Doctor Who is about to celebrate its 60th anniversary with three special episodes, and unless your TARDIS has been stuck in the distant past, you know that these episodes are bringing David Tennant back (temporarily) as the Doctor. We didn’t think anything about these specials could be more unexpected, but we were floored by the revelation the Doctor would be fighting The Celestial Toymaker, a villain not seen onscreen in 57 years. This got us thinking about which other classic villains should make their return, so here’s the definitive list of old-school Doctor Who villains that need to return in the modern era.
The Raston Warrior Robot
Before you say anything, we get it: Doctor Who is a series that is lousy with robots. This includes the occasional good guy (or should we say good boy?) like K-9 as well as infamous villains such as the Cybermen and the robot-adjacent Daleks. Why, then, would we want The Raston Warrior Robot to make a return?
The simple answer is that he left an amazing impression when he briefly popped up in The Five Doctors: when The Doctor and Sarah Jane were running from some Cybermen, our favorite Gallifreyan lured his foes near this new robot. The robot immediately destroyed the Cybermen (one of the most dangerous races in the galaxy) and was never heard from again. He’s ultra-powerful and ultra-mysterious, and that makes for the kind of Doctor Who villain (or perhaps even antihero) we’d love to see return.
Doctor Who has had a few shapeshifters over the years, including the Zygons in the modern era. However, those particular villains have often been disappointing because of the lethal combination of stupid outfits and convoluted backstories. Because of that, we’d love to see the return of the Doctor Who villains The Chameleons that were last seen tangling with the Second Doctor in “The Faceless Ones.”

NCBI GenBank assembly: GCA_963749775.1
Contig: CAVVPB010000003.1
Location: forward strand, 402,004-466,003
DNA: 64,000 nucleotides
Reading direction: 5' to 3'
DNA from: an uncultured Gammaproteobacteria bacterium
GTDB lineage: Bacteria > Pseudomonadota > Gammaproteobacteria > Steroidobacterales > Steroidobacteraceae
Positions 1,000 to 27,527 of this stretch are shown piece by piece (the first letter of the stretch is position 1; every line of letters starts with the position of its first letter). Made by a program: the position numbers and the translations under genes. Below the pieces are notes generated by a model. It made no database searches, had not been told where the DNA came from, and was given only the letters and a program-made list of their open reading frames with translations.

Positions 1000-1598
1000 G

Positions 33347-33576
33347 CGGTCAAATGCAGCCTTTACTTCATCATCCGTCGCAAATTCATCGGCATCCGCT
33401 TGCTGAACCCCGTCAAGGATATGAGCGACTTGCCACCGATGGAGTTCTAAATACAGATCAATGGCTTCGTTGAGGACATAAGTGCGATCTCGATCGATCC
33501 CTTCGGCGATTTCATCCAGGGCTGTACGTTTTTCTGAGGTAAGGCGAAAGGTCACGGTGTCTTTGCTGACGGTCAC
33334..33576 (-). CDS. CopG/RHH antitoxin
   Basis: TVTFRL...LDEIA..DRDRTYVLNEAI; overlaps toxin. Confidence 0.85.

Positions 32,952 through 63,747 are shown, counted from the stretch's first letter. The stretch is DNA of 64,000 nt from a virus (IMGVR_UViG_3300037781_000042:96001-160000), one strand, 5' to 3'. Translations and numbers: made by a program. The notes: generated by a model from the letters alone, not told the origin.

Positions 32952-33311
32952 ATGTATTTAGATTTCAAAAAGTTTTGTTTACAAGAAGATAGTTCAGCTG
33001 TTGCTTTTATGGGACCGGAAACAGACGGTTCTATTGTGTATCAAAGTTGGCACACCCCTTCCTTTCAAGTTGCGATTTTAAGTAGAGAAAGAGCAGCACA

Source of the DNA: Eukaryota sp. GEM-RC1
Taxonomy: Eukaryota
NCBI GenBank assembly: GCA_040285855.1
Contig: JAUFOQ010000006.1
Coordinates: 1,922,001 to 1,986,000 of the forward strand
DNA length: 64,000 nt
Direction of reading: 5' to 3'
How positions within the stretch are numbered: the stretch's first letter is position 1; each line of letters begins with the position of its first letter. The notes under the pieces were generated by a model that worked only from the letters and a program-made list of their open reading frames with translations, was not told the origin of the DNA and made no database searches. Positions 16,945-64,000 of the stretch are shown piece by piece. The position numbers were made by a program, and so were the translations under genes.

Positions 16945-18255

In addition to shapeshifting, The Chameleons have a fascinating backstory: due to a mysterious explosion on their planet, these creatures have lost their original faces and identities, and they are forced to steal the looks and identities of others to survive. That gives them a compelling motivation, and they are certainly dangerous, with the aliens themselves claiming they are the“most intelligent race in the universe.” If nothing else, we want these Doctor Who villains back so we can have some paranoid episodes in the vein of John Carpenter’s The Thing.
The King Vampire And The Three Who Rule
While Doctor Who has pitted the Doctor against many surprising foes over the years, they are usually sci-fi monsters (like evil scientists, robots, and evil aliens of all stripes). The character normally doesn’t channel his inner Buffy and fight vampires. But that all changed in the serial “State of Decay,” in which our hero fought the King Vampire and the Three Who Rule (human astronauts that were transformed into monstrous creatures).
We’d love to see more of these Doctor Who villains because it would be fun to see the Doctor struggle to save more corrupted humans from vampiric influence. There is also a built-in moral dilemma in which the Doctor would have to decide between his distaste for killing and the need to remove the threat by destroying the King Vampire’s heart. Finally, considering these villains hail from E-Space (no, it’s not where the e-girls live, stop asking us), their return would be the perfect excuse for modern Doctor Who writers to create weird stories around everyone’s favorite pocket universe.
Maybe it’s just because we’re writing this on Halloween, but in addition to bringing vampires back to Doctor Who, we’d like to bring back werewolves…sort of. Specifically, we’d like to see the villains known as the Primords come back to the show (they last popped up in the series “Inferno”). If you’re wondering what their deal is, they are basically like werewolves who can transform others into werepeople simply through personal contact.
We’d love to see these Doctor Who villains return because we’ve already seen what they can do: in a parallel universe, these guys helped to destroy the Earth, something not even the Doctor could stop. Furthermore, they add a zombie-like urgency to any narrative because the longer the Doctor takes to stop them, the more of them there will be. Finally, they can be temporarily held at bay with fire extinguishers, and that’s just the brand of goofiness we enjoyed best in the older episodes of this classic BBC series.